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Linnea starts high school today. She barely let me take a photo! She marched herself off to the bus stop! She was in a foul mood!

What gets me? The new late start high school still has her bus pick her up at 6:40am. Late start? I shudder at how early things must have been last year. Her pick up time is very early, but then again,she gets back early.

And in more makes me want to cry, it's Perry's last first day of high school. I'm feeling very emotional about that.
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The things nobody tells you:

That if you choose an instrument other than a string instrument, you don't get to play music in high school, you get to service the football team and play peppy! shorts each time someone gets a concussion or a traumatic brain injury!

I despise football.

I despise marching bands of all sort. Stupid, ugly costumes, ugly music.

And major conflicts with just about everything this fall because Linnea has to be out there paying homage to the most stupid Americans aside from Trump voters: football players.

So much for real symphonic band.

Fucking liars.
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Good news or bad news? It's really hard to tell.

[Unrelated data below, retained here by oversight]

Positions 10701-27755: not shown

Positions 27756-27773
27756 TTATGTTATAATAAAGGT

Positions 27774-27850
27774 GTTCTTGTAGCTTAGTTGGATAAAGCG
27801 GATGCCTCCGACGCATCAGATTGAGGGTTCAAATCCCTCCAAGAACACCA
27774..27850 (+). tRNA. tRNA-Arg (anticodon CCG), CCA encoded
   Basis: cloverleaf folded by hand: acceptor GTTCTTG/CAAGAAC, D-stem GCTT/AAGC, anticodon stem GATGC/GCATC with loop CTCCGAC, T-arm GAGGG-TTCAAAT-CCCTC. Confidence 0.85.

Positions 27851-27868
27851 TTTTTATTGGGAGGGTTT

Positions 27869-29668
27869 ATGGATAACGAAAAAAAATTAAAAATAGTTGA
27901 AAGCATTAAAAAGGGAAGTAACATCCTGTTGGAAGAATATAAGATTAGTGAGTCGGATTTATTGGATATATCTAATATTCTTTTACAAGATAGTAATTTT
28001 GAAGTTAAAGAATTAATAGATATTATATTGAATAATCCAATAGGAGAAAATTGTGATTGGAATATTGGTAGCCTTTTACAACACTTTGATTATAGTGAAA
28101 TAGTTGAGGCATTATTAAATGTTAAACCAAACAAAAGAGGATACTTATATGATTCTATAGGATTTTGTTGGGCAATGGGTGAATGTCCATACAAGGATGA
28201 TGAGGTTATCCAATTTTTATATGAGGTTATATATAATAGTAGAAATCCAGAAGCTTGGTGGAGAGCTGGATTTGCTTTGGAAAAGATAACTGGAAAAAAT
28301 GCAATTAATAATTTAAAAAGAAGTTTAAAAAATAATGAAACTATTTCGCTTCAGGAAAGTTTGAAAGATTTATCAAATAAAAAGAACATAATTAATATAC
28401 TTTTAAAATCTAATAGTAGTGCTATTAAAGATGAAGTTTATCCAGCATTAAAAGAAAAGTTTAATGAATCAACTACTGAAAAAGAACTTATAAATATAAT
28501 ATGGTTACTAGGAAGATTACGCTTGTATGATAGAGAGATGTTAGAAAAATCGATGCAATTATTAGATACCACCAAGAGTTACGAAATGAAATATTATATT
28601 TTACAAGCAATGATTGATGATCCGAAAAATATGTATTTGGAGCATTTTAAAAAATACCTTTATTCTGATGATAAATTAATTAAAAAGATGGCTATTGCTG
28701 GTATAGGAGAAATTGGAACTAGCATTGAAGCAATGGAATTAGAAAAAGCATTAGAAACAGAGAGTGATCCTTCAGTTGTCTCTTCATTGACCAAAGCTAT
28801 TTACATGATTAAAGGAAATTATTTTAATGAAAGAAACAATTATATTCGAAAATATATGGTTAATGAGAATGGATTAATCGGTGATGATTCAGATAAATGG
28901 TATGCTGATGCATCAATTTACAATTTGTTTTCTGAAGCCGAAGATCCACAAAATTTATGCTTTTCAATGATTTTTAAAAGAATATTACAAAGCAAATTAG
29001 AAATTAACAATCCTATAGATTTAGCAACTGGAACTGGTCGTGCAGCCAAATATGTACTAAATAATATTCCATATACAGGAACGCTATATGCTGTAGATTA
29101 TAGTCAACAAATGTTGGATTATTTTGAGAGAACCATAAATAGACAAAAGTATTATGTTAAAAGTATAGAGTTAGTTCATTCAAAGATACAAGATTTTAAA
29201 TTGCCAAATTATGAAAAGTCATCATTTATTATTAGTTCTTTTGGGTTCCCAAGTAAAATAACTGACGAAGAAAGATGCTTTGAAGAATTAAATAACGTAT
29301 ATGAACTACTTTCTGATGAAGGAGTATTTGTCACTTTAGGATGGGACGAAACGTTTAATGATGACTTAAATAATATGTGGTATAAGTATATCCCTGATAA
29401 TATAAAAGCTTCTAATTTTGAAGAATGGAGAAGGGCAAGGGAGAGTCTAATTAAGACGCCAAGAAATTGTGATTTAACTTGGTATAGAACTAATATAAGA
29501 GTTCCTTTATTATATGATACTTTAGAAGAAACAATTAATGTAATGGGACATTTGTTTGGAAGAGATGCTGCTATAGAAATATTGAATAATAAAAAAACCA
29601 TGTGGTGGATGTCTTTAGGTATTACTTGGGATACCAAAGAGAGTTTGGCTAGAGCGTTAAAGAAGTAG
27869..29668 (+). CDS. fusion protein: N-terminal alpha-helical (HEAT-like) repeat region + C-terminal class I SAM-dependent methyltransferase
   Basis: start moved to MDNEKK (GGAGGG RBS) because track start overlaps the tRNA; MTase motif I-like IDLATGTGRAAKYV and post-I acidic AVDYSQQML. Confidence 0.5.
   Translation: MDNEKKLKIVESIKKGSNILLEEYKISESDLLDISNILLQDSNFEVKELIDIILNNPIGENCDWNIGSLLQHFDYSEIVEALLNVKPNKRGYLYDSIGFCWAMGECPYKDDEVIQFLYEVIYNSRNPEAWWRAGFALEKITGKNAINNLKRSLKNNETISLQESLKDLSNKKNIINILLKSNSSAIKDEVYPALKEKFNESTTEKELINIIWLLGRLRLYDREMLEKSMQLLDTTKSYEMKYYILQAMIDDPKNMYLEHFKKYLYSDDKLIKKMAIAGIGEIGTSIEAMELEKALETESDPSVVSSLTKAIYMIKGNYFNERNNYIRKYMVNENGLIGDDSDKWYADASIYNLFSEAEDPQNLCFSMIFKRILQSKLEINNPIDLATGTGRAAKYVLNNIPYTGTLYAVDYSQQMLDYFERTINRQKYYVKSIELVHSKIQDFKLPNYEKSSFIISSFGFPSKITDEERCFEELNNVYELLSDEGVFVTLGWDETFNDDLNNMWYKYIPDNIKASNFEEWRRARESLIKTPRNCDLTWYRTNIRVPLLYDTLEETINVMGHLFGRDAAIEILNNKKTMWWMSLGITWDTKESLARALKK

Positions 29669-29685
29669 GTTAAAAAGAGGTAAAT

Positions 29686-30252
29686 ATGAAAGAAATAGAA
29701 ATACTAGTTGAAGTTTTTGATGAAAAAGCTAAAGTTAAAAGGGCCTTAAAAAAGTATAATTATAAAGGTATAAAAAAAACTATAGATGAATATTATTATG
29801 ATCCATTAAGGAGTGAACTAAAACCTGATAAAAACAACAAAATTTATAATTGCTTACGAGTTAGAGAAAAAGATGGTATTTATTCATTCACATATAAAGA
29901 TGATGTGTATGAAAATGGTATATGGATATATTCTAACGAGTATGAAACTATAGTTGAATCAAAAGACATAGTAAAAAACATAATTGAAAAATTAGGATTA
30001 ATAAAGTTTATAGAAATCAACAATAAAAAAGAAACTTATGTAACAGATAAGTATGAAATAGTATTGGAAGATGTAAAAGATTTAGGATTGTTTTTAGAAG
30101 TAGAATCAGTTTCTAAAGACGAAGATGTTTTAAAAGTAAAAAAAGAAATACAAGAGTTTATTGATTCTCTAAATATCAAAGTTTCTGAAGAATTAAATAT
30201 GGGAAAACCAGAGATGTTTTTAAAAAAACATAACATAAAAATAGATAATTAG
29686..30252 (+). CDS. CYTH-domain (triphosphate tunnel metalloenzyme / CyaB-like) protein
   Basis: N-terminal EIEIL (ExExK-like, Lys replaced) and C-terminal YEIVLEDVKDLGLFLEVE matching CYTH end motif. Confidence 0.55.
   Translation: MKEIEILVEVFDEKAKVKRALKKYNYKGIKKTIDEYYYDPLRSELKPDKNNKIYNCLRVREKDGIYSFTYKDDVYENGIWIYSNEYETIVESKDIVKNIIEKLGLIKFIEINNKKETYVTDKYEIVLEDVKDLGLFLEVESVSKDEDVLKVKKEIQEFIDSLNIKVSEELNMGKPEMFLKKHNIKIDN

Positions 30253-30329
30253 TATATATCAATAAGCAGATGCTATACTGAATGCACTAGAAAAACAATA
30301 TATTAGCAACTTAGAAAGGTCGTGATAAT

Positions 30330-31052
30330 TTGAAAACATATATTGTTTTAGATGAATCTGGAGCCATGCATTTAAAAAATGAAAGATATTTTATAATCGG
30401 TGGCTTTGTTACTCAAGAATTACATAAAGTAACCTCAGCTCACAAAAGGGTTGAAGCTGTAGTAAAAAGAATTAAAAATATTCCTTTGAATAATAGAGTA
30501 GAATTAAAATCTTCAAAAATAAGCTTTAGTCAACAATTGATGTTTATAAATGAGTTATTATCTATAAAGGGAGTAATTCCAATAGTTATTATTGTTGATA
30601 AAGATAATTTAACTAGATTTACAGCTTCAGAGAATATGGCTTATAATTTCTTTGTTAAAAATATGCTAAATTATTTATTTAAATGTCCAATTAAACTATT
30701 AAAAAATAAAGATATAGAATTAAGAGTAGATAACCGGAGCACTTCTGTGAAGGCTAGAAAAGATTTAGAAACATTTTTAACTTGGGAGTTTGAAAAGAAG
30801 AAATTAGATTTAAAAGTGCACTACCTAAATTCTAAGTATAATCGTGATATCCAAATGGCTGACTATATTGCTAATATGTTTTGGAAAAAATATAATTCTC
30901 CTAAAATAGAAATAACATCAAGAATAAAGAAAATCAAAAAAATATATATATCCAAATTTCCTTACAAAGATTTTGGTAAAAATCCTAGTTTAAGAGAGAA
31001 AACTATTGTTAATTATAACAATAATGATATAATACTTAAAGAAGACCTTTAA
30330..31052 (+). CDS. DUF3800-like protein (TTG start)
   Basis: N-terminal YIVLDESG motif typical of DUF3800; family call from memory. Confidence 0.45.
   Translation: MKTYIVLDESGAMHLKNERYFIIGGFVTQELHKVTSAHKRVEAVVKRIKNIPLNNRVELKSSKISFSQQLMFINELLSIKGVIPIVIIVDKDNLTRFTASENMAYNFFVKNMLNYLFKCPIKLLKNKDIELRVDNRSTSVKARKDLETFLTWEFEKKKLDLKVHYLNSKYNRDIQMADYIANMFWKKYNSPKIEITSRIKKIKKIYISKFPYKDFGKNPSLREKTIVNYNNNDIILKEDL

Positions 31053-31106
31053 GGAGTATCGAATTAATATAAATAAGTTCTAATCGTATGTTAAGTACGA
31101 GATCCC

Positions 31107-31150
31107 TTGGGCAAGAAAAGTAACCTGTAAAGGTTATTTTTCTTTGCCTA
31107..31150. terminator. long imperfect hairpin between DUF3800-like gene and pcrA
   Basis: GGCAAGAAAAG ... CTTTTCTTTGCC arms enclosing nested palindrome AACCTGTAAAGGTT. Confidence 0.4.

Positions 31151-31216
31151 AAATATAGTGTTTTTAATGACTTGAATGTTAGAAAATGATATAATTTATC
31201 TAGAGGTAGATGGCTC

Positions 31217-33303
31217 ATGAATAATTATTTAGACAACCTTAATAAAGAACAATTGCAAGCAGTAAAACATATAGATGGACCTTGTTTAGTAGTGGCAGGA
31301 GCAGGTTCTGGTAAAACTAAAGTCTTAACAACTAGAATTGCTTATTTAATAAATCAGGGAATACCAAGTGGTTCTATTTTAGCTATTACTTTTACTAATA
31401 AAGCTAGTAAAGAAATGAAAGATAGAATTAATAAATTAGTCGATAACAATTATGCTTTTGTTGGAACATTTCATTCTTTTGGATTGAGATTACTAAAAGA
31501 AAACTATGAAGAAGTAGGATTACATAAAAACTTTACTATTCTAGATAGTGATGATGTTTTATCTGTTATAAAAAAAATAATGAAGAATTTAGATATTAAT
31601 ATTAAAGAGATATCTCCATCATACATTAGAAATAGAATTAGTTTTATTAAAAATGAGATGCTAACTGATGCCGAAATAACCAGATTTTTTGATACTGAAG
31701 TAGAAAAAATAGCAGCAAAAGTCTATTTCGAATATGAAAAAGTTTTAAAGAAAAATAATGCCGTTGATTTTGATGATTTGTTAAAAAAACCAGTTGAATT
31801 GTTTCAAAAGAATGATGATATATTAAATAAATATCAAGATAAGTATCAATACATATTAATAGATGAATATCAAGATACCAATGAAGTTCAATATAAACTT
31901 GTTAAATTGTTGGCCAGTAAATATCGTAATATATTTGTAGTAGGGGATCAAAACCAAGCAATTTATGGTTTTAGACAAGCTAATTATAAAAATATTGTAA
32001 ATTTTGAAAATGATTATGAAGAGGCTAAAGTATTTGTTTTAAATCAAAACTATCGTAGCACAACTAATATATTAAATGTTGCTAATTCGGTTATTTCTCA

AC is planning on declaring her major this fall (she's getting an extension so she can take a class this summer, because she's been a junior on classes completed for a while, and they want her to declare, but her major only accepts in the fall). She's planning on majoring in microbiology (and anthropology, with a minor in public health). Micro, up to this point, is a non-competitive major, just need a certain GPA.

But what should appear this week? The Center for World University's rankings.

And UW's micro department is rated 3 in the world.

I hope it doesn't prevent her from getting in. She's concerned as well. She meets the requirements already so if they don't change them, she should be good!
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AC and dh just left for her last first day of school.

Whimper.

How did my baby get to be a senior? It seems impossible, that the rolly polly toddler I tent to petite section de maternelle, and who had a fabulous time there, is now a great big senior starting her last year.

OTOH, one more year with that awful school.

The photo will make you think she got a new car of her own, but NSM. Heh.

WP_20140825_06_57_27_Pro

(That was easy. Dh took the photo with his phone a few minutes ago, I grabbed it from the cloud drive on the computer...)

Anyhow, seniors at her school form a mob on the hill up to the main campus, in hopes of terrifying the younger students, and dh is dropping her off to prepare for that. Perry, Linnea, and I will meet him in a bit, and, despite not having her to drop off, will brave first day traffic to get some video and wave at her. (She'll ignore us.)

Oh man. Anne-Chloe is a senior.

ETA. So we drove down, met up with dh, and drove up to the main campus, so we could see our sign wielding screaming daughter and her classmates. It was fun. Her sign said "I'd rather be sleeping!"
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WP_20140612_11_12_04_ProWe did find a nice tshirt, in a pretty dark plum, that looked nice with his black pants and the -left hanging open- button shirt.